FacebookTwitterGoogle+RedditEmail

The Coke Brothers Conspiracy

by PAUL KRASSNER

I was fortunate enough to accompany Ken Kesey and his psychedelic Band of Merry Pranksters when the Grateful Dead played the Pyramids–and won–at a series of outdoor concerts in 1978. During that week, Kesey and I were dinner guests at the home of an Egyptian family in Cairo. Later, the men smoked hashish from a huge hookah. The women stayed in the kitchen, and I grumbled to Kesey about that gender gap.

“When in Rome,” he responded, “do as the Egyptians do.”

A shy six-year-old girl was peeking us through a beaded curtain, and I waved to her. She waved back, giggled and disappeared. But I have not the slightest doubt that now, at the age of 39, she was among the countless female protestors celebrating in the streets those early tremors of freedom. Were no longer to be considered second-class citizens? However, 95% of Egyptian women had been victims of genital mutilation (forced clitoral circumcision was banned in 1997), gang rapes are still occurring, and political patriarchy continues to undermine their equality.

On the same Sunday in January 2011 that the revolution in Egypt was peaking, I found myself in Rancho Mirage, California, at a rally against David and Charles Koch—pronounced “coke”—and so I call them the Coke brothers. Many placards featured the Coca-Cola logo on a red background, with the slogan, “Everything goes better without Koch.”

The multi-billionaire Coke brothers—funders and manipulators of the Tea Party; oil merchants who opposed reduction of air pollution, claiming that smog prevents skin cancer–were now hosting a secret meeting with 200 wealthy elitists at the Rancho Las Palmas Resort, heavily guarded by sixty Riverside County sheriff’s deputies in riot gear.

Incidentally, the sheriff is actually named Stan Sniff.

The Coke brothers were beneficiaries of the 2009 Supreme Court decision that granted personhood to corporations, meaning that they could clandestinely support conservative politicians without any accountability, and in 2010 the Court ruling that corporations—and unions, which the Coke brothers are attempting to demolish–could spend unlimited sums on campaign advertising.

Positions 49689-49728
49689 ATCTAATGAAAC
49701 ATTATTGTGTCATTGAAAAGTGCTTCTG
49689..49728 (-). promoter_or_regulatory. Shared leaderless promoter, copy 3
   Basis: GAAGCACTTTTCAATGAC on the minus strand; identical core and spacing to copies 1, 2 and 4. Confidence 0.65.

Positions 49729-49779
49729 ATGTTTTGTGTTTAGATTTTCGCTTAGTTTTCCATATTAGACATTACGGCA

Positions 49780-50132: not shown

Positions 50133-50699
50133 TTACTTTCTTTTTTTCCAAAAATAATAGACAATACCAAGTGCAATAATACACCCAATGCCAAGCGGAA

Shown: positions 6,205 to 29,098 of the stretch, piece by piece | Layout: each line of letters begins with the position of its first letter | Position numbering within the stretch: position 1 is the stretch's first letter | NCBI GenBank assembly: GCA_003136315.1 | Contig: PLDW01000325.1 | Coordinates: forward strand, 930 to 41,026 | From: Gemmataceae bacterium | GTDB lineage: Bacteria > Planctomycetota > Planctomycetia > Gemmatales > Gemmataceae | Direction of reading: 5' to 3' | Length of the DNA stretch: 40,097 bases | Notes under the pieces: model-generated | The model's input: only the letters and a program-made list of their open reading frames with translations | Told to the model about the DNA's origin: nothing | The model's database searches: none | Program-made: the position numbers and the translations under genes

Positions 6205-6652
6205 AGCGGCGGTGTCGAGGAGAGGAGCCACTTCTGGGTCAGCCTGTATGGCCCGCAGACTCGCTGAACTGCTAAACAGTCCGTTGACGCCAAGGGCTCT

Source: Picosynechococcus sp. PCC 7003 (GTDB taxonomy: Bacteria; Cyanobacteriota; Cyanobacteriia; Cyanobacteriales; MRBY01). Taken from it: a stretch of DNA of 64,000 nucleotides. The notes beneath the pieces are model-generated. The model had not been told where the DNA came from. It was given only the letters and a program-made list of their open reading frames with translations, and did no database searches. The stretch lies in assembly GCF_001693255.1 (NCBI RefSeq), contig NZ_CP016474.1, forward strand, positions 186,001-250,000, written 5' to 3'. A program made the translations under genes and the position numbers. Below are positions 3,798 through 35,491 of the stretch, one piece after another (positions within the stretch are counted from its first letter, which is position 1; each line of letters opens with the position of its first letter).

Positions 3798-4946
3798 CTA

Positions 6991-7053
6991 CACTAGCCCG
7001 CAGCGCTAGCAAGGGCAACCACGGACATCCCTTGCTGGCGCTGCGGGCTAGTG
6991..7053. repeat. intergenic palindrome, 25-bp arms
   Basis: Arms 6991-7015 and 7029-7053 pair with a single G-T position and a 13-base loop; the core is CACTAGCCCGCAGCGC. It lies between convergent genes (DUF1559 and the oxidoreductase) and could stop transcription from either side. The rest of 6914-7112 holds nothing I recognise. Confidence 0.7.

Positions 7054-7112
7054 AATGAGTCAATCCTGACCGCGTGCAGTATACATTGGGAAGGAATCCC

The anti-Coke rally was held in a parking lot across the street from the resort. Jim Hightower—activist and the author of There’s Nothing in the Middle of the Road but Yellow Stripes and Dead Armadillos and Swim Against the Current: Even a Dead Fish Can Go With the Flow–was speaking. “These Justices are as confused as goats on astroturf,” he told the audience of 1,000. “We need to pass a constitutional amendment that says a corporation does not have the rights of a person.”

Two weeks later, the mystery behind the Coke brothers conclave would be revealed, linking them to Wisconsin Governor Scott Walker. Koch Industries—which employs 70,000 people—had been the largest corporate contributor to his campaign, so it’s no surprise that Walker was busy sucking up to his puppeteers as he followed their wishes to destroy the American labor movement. In fact, Americans for Prosperity, a front group for the Coke brothers—which organized a rally in Wisconsin to support the governor–has launched a website which propagandizes against all collective bargaining.

The dedicated protesters in Madison were inspiring, and it was the brilliant political prank phone call to Governor Walker from blogger Ian Murphy pretending to be David Koch that inadvertently disclosed the mindset Walker shared with the real David Koch. Fake David said, “We’ll back you any way we can. But what we were thinking about the crowd was, uh, was planting some troublemakers.” Walker replied, “We thought about that,” but he was only afraid the plan might backfire.

At the “Uncloak Koch” rally, Jim Hightower had said, “I hate to be rude and intrude on a secret meeting, but there comes a time when America’s imperiled democracy requires ordinary grass root people to rebel, and to be rude enough to intrude on the people applauding corporate plutocrats who are so rude as to usurp our democratic rights.

“Listen, this billionaires’ caucus thought that they could meet secretly, but you pulled back the curtain on them behind which they had been hiding—such front groups as Americans for Prosperity, the Heritage Foundation, the Manhattan Institute, the Cato Institute, the Federalist Society, Freedom Works, even the Tea Party themselves—we pulled back the curtain and there they are, Charles and David, the modern-day Wizards of Oz, only Ozier, don’t you think?”